American Unitarian Conference

Promoting Monotheism in the American Unitarian Tradition

 

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Mary Dana on the Terms "God" and "Lord
(an excerpt)
(1854)

The words God and Lord do not, I suppose, necessarily denote absolute supremacy, although they do denote dominion and power. In studying the Scriptures, we ought to bear in mind the common sense in which certain terms were used by the common people of the time.

Words do very much change their signification. In the Bible, we have the term God applied in various ways. In regard to its use among the Greek and Roman philosophers and poets, who lived about the time our Saviour, we are informed by the history of that period; we know that the term was used with very extensive latitude; and it is natural to suppose that the writers of the New Testament, who were chosen from the people, used their terms as they were used by the people, and intended to give a meaning which would be readily understood by the people. The early Christians used the word God in relation to different degrees of superiority or power, and not as it is now used, in an absolute sense. And I wish these facts to be born in mind while you now peruse my letter.

I am free to confess that, as a general thing, the term should not now be applied any but the Supreme Being, because now it has an absolute and definite meaning; though, in considering those passages of Scripture where it is applied to subordinate beings, it must still be used, but always with the fact of its different use in another age of the world, kept steadily in view. In this sense, I do admit that the Saviour of the world, the Messiah, may be called God; and I know that he is constantly called Lord; and why should he not be when his Father made him both Lord and Christ. But it is concerning the term God that I wish to write. It is then, I think, a relative term, a name for a being who has dominion.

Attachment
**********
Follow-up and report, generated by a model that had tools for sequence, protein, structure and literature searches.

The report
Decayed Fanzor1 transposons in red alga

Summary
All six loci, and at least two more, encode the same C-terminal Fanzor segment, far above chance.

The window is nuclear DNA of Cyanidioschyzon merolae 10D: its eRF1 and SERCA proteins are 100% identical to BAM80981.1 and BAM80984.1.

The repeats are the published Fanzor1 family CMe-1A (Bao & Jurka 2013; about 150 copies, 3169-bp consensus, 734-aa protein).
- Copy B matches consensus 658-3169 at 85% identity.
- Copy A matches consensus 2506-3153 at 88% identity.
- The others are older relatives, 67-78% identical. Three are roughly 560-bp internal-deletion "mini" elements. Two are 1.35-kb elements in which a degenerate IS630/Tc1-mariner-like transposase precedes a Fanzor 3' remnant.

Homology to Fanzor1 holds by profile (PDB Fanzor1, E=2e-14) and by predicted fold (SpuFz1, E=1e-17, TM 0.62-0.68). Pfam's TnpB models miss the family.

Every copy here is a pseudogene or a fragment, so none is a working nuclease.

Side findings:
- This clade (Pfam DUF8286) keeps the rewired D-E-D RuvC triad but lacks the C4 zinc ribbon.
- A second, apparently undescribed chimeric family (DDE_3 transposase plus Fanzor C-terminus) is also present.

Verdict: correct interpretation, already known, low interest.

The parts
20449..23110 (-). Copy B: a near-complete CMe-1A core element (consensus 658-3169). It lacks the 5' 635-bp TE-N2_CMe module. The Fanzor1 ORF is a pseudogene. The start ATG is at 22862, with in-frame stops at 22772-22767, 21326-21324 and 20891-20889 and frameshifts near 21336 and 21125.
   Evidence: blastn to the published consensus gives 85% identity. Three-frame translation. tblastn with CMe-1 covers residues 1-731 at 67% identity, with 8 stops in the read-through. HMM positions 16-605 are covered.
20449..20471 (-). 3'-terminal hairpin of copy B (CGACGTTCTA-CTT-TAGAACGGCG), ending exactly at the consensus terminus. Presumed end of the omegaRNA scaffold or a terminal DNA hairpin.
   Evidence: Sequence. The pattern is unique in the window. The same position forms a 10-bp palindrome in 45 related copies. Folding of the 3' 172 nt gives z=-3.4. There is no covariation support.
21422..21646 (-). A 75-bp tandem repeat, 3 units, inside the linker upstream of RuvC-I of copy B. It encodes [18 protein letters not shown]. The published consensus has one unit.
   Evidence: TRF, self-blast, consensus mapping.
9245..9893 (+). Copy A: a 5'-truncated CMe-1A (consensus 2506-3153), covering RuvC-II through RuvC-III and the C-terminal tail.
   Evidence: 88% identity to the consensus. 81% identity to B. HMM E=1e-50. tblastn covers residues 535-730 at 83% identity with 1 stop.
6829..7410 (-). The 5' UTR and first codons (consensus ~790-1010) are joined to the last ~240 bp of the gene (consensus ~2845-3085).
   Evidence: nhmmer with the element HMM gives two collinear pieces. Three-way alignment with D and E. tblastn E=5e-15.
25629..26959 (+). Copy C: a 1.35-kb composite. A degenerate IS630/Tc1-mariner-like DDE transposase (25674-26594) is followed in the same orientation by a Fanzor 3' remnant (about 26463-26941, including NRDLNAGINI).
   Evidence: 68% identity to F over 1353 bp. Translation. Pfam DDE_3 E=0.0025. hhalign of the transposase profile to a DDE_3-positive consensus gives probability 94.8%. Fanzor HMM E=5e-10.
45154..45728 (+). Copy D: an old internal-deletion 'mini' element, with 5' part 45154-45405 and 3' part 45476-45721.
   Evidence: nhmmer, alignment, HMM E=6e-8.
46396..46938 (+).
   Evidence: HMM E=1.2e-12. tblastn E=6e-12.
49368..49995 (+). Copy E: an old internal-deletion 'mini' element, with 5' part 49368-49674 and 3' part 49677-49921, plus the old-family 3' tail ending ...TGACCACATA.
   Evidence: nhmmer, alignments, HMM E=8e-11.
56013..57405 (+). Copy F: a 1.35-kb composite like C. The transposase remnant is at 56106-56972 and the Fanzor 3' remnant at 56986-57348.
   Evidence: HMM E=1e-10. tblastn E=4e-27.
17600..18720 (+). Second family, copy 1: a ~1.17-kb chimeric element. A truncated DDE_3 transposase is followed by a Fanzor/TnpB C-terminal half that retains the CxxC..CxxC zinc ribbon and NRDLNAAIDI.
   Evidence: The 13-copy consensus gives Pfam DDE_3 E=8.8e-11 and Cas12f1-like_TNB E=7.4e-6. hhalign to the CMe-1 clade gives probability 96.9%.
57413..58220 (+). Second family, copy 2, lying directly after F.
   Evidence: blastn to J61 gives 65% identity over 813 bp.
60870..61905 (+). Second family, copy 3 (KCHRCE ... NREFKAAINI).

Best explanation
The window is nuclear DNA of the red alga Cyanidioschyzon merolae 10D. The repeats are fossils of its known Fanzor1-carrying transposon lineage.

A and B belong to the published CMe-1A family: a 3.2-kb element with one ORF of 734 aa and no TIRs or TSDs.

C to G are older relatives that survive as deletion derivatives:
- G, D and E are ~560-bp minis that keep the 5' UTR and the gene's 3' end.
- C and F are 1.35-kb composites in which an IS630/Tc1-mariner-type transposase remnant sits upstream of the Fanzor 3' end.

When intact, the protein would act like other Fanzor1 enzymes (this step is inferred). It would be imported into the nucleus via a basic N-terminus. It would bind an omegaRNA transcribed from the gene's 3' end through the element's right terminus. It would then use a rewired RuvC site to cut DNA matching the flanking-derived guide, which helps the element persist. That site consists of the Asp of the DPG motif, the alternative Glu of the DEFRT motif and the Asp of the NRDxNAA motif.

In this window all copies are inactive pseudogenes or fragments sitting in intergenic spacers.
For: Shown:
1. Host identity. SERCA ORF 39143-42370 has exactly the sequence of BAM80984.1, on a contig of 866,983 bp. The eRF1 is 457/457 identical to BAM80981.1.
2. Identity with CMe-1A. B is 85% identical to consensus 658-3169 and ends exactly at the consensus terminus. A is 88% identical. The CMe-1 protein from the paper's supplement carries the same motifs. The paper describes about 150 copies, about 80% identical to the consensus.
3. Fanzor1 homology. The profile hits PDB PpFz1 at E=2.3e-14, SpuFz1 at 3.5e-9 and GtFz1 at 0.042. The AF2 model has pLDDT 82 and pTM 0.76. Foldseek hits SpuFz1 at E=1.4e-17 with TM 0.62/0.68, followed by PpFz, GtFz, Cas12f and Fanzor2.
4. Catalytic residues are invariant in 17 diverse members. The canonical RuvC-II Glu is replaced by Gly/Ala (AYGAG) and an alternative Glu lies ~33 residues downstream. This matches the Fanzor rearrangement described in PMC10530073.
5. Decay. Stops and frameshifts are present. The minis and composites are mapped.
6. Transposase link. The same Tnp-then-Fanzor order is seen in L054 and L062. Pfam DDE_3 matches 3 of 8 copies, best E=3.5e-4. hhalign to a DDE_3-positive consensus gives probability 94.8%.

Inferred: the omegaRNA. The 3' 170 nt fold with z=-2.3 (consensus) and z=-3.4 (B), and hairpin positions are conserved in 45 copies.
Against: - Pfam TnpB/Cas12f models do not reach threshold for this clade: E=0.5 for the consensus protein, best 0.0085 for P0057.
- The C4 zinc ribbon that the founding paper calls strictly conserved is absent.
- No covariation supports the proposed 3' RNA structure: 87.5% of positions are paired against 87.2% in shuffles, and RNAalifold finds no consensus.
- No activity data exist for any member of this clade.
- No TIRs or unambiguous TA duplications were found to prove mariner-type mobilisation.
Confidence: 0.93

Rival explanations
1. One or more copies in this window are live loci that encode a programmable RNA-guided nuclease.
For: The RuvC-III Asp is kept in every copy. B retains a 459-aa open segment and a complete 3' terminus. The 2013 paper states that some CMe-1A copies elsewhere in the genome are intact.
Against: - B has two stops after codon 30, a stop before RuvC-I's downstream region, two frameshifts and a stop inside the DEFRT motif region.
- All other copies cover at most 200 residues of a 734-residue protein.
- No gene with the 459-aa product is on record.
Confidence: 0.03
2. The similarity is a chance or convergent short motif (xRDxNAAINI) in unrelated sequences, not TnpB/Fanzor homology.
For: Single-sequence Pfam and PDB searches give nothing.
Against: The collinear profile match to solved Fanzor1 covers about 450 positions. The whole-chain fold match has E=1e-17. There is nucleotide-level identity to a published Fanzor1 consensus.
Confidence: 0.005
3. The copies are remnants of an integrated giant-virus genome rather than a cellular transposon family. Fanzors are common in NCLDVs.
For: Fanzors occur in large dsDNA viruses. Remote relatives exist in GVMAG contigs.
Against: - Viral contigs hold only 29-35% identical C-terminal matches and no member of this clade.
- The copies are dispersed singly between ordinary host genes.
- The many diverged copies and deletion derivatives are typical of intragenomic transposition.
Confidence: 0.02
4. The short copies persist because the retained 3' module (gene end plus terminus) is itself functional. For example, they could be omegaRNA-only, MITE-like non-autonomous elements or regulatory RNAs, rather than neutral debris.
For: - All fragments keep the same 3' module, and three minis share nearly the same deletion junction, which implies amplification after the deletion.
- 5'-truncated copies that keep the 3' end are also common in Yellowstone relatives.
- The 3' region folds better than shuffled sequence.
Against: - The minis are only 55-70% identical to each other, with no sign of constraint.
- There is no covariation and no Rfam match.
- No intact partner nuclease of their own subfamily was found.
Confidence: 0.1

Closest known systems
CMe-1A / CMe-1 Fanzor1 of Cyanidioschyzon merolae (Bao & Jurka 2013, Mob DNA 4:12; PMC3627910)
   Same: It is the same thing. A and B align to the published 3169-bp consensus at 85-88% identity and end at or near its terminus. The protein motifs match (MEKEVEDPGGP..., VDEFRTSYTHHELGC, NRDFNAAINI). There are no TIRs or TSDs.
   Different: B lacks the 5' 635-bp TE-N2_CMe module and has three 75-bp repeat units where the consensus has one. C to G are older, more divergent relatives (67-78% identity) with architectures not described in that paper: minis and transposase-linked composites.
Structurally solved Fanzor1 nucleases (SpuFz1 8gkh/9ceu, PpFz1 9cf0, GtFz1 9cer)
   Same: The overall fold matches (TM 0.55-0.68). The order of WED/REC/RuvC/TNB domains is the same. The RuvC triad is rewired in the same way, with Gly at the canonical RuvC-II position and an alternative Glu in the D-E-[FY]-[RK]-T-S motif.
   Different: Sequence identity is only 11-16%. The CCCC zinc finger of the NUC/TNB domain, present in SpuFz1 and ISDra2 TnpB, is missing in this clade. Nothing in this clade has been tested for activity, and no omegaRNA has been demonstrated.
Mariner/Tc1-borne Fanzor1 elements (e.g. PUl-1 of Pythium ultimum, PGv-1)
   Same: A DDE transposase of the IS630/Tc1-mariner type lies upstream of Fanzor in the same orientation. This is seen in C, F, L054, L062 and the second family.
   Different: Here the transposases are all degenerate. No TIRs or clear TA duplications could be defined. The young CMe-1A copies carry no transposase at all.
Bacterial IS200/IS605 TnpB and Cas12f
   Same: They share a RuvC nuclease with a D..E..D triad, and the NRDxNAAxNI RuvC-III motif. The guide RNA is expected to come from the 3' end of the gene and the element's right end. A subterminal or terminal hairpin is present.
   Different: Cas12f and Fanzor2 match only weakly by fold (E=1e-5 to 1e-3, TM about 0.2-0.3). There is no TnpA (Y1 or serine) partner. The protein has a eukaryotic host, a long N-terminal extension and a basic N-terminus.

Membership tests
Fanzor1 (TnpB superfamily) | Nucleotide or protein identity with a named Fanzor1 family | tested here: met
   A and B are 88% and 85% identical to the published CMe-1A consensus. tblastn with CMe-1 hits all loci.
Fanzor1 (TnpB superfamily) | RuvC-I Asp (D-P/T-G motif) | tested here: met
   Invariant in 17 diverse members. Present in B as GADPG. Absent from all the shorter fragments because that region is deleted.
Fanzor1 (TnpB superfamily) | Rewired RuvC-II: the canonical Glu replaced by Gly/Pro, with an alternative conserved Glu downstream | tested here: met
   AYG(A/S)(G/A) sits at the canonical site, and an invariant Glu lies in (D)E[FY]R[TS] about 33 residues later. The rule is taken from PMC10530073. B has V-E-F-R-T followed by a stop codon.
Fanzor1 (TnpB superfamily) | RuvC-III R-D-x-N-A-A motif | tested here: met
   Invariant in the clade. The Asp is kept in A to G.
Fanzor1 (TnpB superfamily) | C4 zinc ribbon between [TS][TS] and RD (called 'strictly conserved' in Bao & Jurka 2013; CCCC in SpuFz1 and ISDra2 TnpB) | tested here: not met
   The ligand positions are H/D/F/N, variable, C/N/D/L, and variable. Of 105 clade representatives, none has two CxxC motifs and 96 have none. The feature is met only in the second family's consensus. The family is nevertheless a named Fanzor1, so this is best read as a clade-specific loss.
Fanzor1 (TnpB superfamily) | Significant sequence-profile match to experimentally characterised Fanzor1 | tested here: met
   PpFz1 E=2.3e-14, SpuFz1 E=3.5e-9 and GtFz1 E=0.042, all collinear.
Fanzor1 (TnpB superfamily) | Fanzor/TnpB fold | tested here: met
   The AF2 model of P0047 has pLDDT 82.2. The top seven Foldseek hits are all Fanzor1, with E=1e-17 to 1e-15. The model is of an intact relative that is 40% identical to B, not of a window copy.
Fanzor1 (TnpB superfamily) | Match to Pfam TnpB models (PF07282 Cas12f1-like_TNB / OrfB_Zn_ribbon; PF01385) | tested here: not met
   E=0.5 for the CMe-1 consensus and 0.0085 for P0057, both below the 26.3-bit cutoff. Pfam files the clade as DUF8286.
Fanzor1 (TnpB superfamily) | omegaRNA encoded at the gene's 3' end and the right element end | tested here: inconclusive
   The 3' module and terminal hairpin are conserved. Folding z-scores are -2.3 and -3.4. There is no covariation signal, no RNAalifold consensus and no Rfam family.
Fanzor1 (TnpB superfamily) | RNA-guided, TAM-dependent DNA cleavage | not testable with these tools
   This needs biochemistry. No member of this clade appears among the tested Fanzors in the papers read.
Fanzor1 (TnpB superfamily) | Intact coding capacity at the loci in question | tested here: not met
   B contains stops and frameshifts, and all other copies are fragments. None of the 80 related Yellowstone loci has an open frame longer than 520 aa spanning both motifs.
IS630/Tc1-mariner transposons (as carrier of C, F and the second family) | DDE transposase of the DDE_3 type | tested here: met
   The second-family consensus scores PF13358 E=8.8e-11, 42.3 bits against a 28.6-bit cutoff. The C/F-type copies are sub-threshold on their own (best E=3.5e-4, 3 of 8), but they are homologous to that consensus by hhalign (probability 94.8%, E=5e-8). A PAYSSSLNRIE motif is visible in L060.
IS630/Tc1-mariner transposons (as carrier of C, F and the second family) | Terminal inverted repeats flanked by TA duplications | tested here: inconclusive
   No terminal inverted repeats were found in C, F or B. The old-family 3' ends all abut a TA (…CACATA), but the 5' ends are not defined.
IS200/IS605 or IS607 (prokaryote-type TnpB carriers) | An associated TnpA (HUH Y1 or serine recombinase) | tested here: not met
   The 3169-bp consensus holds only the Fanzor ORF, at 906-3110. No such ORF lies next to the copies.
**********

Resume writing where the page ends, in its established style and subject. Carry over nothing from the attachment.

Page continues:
Now, we are expressly told that the Supreme Being gave Christ all power in Heaven and on earth. Likewise, because the Father loved the Son, he gave "all things into his hand." He crowned him with glory and honor, and did set him over the works of his hands. And, "in that he put all in subjection under him, he left nothing that is not put under him." Thus, it appears to me, in the sense which I have before explained, a sense which was well understood when the Scriptures were written, our Heavenly Father made his well beloved Son a God over us, and over all the works of his hands; as he made Moses a God to Pharaoh--and as he called them Gods to whom the word of God came--and as he commanded his people not to revile the Gods.

Thus, truly, there are Gods many and Lords many; yet, to us there is, in an absolute sense, but one God, the Father, of whom are all things. Christ is then made a God to us, under Him, who is "the blessed and only Potentate--the only wise God--who only hath immortality."


2003 American Unitarian Conference